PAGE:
Following Amnesty International’s recent condemnation of the intimidation of LGBT people in Uganda, more groups – including OutRage! and Human Rights Watch have slammed the outing of 45 gay men by a tabloid.
On 8 August, the Ugandan tabloid newspaper, Red Pepper, outed – under the headline “Gay Shock!” – 45 gay and bisexual men, including army officers, priests, university lecturers, entertainers, bankers, students and lawyers. It also published details of five venues popular with gays and lesbians.
Although Red Pepper did not print the outed individual’s family names (only their first names), the accompanying published details about their places of residence and work had made many of them easily identifiable. In Uganda, a sodomy conviction carries a penalty of life imprisonment.
“We deplore this indiscriminate, uncorroborated and unjustified outing of allegedly gay Ugandans,” said Andrew de Cruz of UK gay rights groups OutRage!, who has been working with and supporting the Ugandan activist groups.
“It is an unwarranted invasion of privacy which typifies the bigoted, bullying attitudes that are encouraged by the Ugandan government and churches. We call on President Museveni to uphold the international human rights laws that Uganda has signed. This means repealing the prohibition on same-sex relationships and legislating protection against discrimination based on sexual orientation.
“It also means halting the intimidation and harassment of the lawful, non-violent Ugandan gay rights movement,” said Mr de Cruz.
Peter Tatchell, campaign coordinator of OutRage!, added:
“Uganda is the new Zimbabwe. President Yoweri Museveni is the Robert Mugabe of Uganda – a homophobic tyrant who tramples on democracy and human rights,” said Mr Tatchell.
At least five men were arrested soon after the outing list was published. It is said the police are under pressure to get tough with “sodomites”. They are now cracking down on the LGBTI community in an apparent bid to be seen taking action.
Uganda’s Gay And Lesbian Alliance (GALA) reports that two days after the outing list was published, unidentified men in army uniform attacked one of the outed gay men. He was taken to a police station where he was forced to make a statement.
A student named by Red Pepper was thrown out of home by his parents. He sought refuge with a gay couple he knew. His mother guessed where he had gone and gave the police the address. The gay couple were arrested on charges relating to homosexuality. They have subsequently been let out on bail and are now in hiding.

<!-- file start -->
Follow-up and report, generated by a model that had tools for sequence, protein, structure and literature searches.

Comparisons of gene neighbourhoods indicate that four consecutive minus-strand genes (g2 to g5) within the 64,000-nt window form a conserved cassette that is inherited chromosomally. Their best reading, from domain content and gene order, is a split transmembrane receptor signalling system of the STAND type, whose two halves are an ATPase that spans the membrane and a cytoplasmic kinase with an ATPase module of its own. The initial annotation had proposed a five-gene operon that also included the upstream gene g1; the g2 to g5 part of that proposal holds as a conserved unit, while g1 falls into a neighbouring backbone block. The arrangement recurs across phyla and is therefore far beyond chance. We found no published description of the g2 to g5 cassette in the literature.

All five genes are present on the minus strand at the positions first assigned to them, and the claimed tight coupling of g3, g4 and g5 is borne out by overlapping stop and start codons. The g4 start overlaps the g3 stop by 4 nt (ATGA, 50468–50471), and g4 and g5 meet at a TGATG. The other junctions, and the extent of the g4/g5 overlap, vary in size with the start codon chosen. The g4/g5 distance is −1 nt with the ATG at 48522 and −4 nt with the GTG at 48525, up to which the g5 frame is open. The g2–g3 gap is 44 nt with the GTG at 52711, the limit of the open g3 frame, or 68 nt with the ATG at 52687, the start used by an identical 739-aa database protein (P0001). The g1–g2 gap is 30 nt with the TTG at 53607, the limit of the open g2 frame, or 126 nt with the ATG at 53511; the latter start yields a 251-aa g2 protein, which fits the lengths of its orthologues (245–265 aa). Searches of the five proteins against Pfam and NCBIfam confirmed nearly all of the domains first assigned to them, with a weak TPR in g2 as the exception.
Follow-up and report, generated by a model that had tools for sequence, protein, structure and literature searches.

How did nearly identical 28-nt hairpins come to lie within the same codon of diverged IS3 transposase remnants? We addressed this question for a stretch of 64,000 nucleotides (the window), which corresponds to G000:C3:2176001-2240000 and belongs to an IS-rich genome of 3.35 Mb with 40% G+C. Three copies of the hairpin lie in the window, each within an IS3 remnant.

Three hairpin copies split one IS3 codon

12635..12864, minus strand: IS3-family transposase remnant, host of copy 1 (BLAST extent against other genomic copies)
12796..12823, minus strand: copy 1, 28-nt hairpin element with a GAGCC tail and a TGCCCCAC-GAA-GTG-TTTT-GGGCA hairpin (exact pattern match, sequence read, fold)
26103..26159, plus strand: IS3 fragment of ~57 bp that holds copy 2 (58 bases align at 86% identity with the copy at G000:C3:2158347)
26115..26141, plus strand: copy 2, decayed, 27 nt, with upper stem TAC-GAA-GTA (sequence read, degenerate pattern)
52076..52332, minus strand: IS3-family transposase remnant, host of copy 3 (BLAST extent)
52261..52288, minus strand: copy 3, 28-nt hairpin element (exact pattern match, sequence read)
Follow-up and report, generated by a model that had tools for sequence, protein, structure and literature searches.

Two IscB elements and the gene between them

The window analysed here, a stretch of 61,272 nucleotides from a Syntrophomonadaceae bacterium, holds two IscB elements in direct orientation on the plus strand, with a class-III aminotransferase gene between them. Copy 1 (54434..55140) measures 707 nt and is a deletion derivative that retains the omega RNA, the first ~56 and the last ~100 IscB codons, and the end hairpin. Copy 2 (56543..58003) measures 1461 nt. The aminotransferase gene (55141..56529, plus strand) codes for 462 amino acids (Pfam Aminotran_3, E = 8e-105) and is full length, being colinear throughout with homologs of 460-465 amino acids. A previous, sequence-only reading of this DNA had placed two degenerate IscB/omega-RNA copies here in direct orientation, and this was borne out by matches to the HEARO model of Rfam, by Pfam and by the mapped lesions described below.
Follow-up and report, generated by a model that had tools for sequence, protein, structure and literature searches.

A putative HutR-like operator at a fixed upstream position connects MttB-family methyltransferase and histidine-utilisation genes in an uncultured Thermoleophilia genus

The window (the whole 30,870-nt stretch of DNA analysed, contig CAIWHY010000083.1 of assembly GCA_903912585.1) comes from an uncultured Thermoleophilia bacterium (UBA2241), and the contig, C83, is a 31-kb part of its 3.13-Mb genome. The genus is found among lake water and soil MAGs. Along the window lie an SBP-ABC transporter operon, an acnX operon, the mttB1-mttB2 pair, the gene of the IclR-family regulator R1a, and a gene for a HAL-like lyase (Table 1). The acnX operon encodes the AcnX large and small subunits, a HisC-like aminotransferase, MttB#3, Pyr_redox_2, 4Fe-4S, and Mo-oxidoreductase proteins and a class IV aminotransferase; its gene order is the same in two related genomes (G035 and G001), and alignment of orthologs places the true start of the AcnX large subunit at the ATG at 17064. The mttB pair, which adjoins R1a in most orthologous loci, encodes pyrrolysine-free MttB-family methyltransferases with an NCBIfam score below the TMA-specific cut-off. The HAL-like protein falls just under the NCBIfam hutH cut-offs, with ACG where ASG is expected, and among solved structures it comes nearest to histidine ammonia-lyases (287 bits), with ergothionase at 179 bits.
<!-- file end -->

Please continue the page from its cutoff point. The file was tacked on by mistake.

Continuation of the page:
There are reports that Red Pepper is planning a similar mass outing of lesbian and bisexual women in the near future.
Commenting on the expected outing of women, one Ugandan lesbian activist said: “We are just waiting. I know that some women are definitely going to lose what they have; jobs, homes, families, and friends. It is time that gays and lesbians in Uganda stand together to fight the negative reporting of the press.”
A spokesperson for the Makerere University Student’s Lesbian Association (MUSLA) in Uganda said that some of the named men have been subjected to police interrogations:
“Our efforts to help out our friends who have been arrested were fruitless, since the police, under the influence of many different politicians, wanted the guys to be jailed….The gays were not allowed access to proper justice. Some of them were put in cells for more than 48 hours, which are allowed by the police and yet none of them have had the opportunity to be in court. Those who have been released on police bail, we don’t know their whereabouts. Some of our friends in the past have been arrested and put in torture houses without us knowing there whereabouts. Others have been forced to flee the country. Others have been framed. This is an appeal to the international community and every concerned person, that Uganda as a country is booked for justice. Uganda is a signatory to the international human rights declarations. Your support will be highly appreciated,” concluded the Musla statement.
Victor Juliet Mukasa, chair of Sexual Minorities Uganda, says many gay Ugandans are sick and tired of being pilloried by the Ugandan media, church and political parties. They are “absolutely fed up, determined to defend themselves and no longer ready to be intimidated by exposures and abuse,” she said in a statement relayed to the LGBTI human rights movement OutRage!, in London, which has been working closely with Ugandan LGBTI activists.
New York based Human Rights Watch commented that the “decision to publish the names of alleged homosexuals is a chilling development”.
“For years, President Yoweri Museveni’s government routinely threatens and vilifies lesbians and gays, and subjects sexual-rights activists to harassment,” said Jessica Stern, researcher in the Lesbian, Gay, Bisexual and Transgender Rights Program of Human Rights Watch. “At a moment when sensational publicity has spread fear among a whole community, the authorities must exercise their responsibility to protect, not persecute.”